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Chris B

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About Chris B

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    European Champion

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  1. Bit belated, but I enjoyed Dynamite a lot this week. It wasn't at the level of some of their biggest shows, but there was plenty there to enjoy. The main event was really good, and I have no idea what's going on with the Young Bucks. I don't know if Red Velvet has it yet, but she's been watchable so far. Having seen a few people complain that the Sting stuff is getting samey - it's weird seeing how wrestling has changed. Can you imagine the flack Sting in the rafters would be getting by now? And would we be complaining that Austin and McMahon hadn't had a blow-off yet? Personally, I like
  2. Financially, it's been an incredible year for WWE. Touring brings a lot of costs as well as benefits - according to the Wrestlenomics podcast (which is really good), the savings they made from being in one location have been ridiculous. I'd suggest it's far less to do with Vince taking Covid super-seriously, and more to do with it making them enormous amounts of money.
  3. MMA shows depend on how long matches go which, other than an upper limit, they can't control. WWE has total control over the lengths of the matches and still chose to put on 6 hour shows.
  4. I haven't heard much of that, and it's sad to read. I honestly thought that the ads had helped removed some of the homophobic stigma at the time, but that definitely gives context to it. Also, in hindsight, I was thinking of the larger campaign and the ads involving women working in the condom factory, so was thinking of the campaign as a whole. Thanks for the context, that's really useful to know..
  5. Oh man, I'm not sure I agree with that at all - I honestly think they saved lives, and too a far more grown-up approach to sex and contraception. Plenty of places refused to engage properly with AIDS and condom use, and saw it as a 'gay disease'. By treating it as something that could affect everyone, and encouraging safe sex generally, I think it was a rare thing to congratulate the government at the time about. I totally get that it's aged, and I also get that AIDS/HIV is far from the life-sentence it was and that a stigma still exists around it. But look at what AIDS did to parts of Af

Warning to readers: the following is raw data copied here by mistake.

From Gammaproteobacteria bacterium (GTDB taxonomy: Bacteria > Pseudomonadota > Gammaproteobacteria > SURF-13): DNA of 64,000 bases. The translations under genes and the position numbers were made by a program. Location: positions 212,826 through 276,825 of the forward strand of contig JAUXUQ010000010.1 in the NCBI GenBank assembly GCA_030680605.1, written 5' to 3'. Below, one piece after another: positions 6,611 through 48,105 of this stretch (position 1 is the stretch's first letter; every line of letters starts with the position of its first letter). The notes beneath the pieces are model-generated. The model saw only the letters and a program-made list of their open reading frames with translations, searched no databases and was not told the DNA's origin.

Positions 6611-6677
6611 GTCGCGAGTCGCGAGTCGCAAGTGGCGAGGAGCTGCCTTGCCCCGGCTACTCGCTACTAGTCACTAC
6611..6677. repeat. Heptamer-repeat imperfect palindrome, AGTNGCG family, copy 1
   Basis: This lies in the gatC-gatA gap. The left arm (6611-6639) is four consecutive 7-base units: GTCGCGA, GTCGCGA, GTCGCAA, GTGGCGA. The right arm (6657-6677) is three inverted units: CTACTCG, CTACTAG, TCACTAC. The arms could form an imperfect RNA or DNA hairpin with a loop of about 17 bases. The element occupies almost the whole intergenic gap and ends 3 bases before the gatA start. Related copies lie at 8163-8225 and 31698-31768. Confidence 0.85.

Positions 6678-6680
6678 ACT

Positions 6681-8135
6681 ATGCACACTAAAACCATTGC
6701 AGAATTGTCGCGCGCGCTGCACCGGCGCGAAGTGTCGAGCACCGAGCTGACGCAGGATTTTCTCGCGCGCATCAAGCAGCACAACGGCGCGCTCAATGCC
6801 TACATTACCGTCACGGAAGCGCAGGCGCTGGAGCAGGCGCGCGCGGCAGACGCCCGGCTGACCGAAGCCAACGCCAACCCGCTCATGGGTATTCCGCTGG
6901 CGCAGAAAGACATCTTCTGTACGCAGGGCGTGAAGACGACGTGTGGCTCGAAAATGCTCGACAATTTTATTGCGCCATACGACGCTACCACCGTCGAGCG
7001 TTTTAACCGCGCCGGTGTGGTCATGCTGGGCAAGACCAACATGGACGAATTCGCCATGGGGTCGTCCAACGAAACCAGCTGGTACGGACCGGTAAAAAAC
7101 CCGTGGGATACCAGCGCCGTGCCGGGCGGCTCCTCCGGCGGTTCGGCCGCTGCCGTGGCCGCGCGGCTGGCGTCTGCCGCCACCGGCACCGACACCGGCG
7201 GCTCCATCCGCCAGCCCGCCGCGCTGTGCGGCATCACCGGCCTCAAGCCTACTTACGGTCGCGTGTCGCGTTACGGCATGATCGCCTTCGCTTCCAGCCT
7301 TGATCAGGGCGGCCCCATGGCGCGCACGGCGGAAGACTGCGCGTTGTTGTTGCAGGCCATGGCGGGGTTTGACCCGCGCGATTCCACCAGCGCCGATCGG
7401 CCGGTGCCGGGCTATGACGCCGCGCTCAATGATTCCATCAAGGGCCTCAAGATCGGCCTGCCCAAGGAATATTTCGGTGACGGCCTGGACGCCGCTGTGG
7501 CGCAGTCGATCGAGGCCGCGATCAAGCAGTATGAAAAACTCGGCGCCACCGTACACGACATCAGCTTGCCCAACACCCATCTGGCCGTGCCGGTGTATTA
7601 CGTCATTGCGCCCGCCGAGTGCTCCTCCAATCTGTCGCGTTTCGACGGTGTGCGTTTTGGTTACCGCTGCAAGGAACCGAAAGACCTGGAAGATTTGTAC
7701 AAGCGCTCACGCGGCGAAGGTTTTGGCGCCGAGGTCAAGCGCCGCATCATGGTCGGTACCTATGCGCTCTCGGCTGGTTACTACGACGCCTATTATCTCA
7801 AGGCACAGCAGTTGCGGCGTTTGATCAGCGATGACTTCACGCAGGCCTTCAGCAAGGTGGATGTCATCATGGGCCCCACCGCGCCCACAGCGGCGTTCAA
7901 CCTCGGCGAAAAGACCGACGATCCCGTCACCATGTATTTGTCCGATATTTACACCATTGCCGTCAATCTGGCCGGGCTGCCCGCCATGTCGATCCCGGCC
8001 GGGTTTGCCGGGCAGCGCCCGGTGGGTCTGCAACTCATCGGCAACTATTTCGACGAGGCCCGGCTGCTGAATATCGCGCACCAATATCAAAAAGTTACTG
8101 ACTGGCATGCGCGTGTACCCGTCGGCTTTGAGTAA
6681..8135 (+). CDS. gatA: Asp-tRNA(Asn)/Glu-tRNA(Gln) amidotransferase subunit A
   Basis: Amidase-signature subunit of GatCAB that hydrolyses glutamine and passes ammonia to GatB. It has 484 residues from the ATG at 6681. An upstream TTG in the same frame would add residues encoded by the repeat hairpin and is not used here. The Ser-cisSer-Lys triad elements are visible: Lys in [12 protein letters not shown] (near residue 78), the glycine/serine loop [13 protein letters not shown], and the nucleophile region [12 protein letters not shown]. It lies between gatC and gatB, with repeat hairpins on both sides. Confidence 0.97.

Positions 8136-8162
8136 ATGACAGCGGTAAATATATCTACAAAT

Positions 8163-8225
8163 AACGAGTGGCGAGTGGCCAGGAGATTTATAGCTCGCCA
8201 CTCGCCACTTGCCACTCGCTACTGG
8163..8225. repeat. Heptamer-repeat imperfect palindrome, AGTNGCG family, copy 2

6. The Silent Partner (1978, Talking Pictures TV) I hadn't heard of this before, but saw Elliot Gould and Christopher Plummer as the stars and I was sold. It's a thriller with a really nice set-up - a bank teller (Gould) realises that someone is casing the joint (Plummer), so hides $50,000 for himself, letting the robber get away with just a few thousand. When the robber hears on the news that he supposedly stole $50k, he goes after Gould for the rest. It goes a lot more back and forward than I expected, and between this and The Long Goodbye, I can see why Gould was becoming a big star
  7. Is that something to be expected?
  8. I can't say if this is what it was aiming for, but it's what I got out of it. Citizen Kane is all about what answering a question tells us about the character - what is 'Rosebud' and why was Kane thinking about it when he died? Mank is doing a similar thing. This time, though, the question is 'why would someone write their masterpiece as a fairly vicious takedown of someone (and their wife, who he's actually close to)?'. It's not telling us anything particularly about Citizen Kane, or particularly Orson Welles. I saw it as a bit more of a love letter to it, and treating the writer much li
  9. Jimmy Havoc had matches with Kenny Omega and Cody Rhodes in 2020.
  10. It's night and day seeing Cody like this compared to him doing his own thing. Not that he wasn't decent in this role - he went for it, and it's a big performance, and it mostly works. But just look at his eyes while he's doing it. He's just going through the motions, even while talking about stuff he clearly likes (he's a comic book fan, after all). It's all mannerisms and affectations. Compare it to him doing his own thing, and you can see his focus and his self-belief. I'd been surprised when he talked about hating being Stardust, but trying to give it his all. You can actually see bo
  11. In-match, it's Orange Cassidy. Outside of it, it's Jon Moxley this year - he's been brilliant. Who was the last dominant babyface champion this good? He's reminded me of Steve Austin, but a version I like more. Hangman has my heart, obviously. But he'll be booked as the mega-babyface next year.
  12. MJF mocked a grieving 8-year-old on television, was beaten up by said 8-year-old, and then whined about it on social media ('Fuck that kid.'). Other stuff had me believing more throughout the year, but there's absolutely a place for the pantomime villains, especially after the whipping angle. He doesn't always work, but those two moments have me won over. Kingston would be best character for me. And I've absolutely loved Kenny's slow-burn heel turn - his passive aggressive colour commentary was so much fun. (Shout-out to KENTA for ruining Naito's moment. What an absolute dickhead).
  13. If this was 'biggest fuck-up', rather than 'stupidest moment', I'd probably go for either of the AEW injuries. The way they freeze and don't know what to do when something like this happens is unbelievable. It shows a really poor decision-making process in an emergency, but I don't think it's fair to suggest 'everyone involved still insisted that they finish'. My assumption is that Hardy was insisting he could finish and nobody was willing to step in his way - which they obviously should have done, because he was in no state to make that decision. The Reynolds one shows how urgent it is that t
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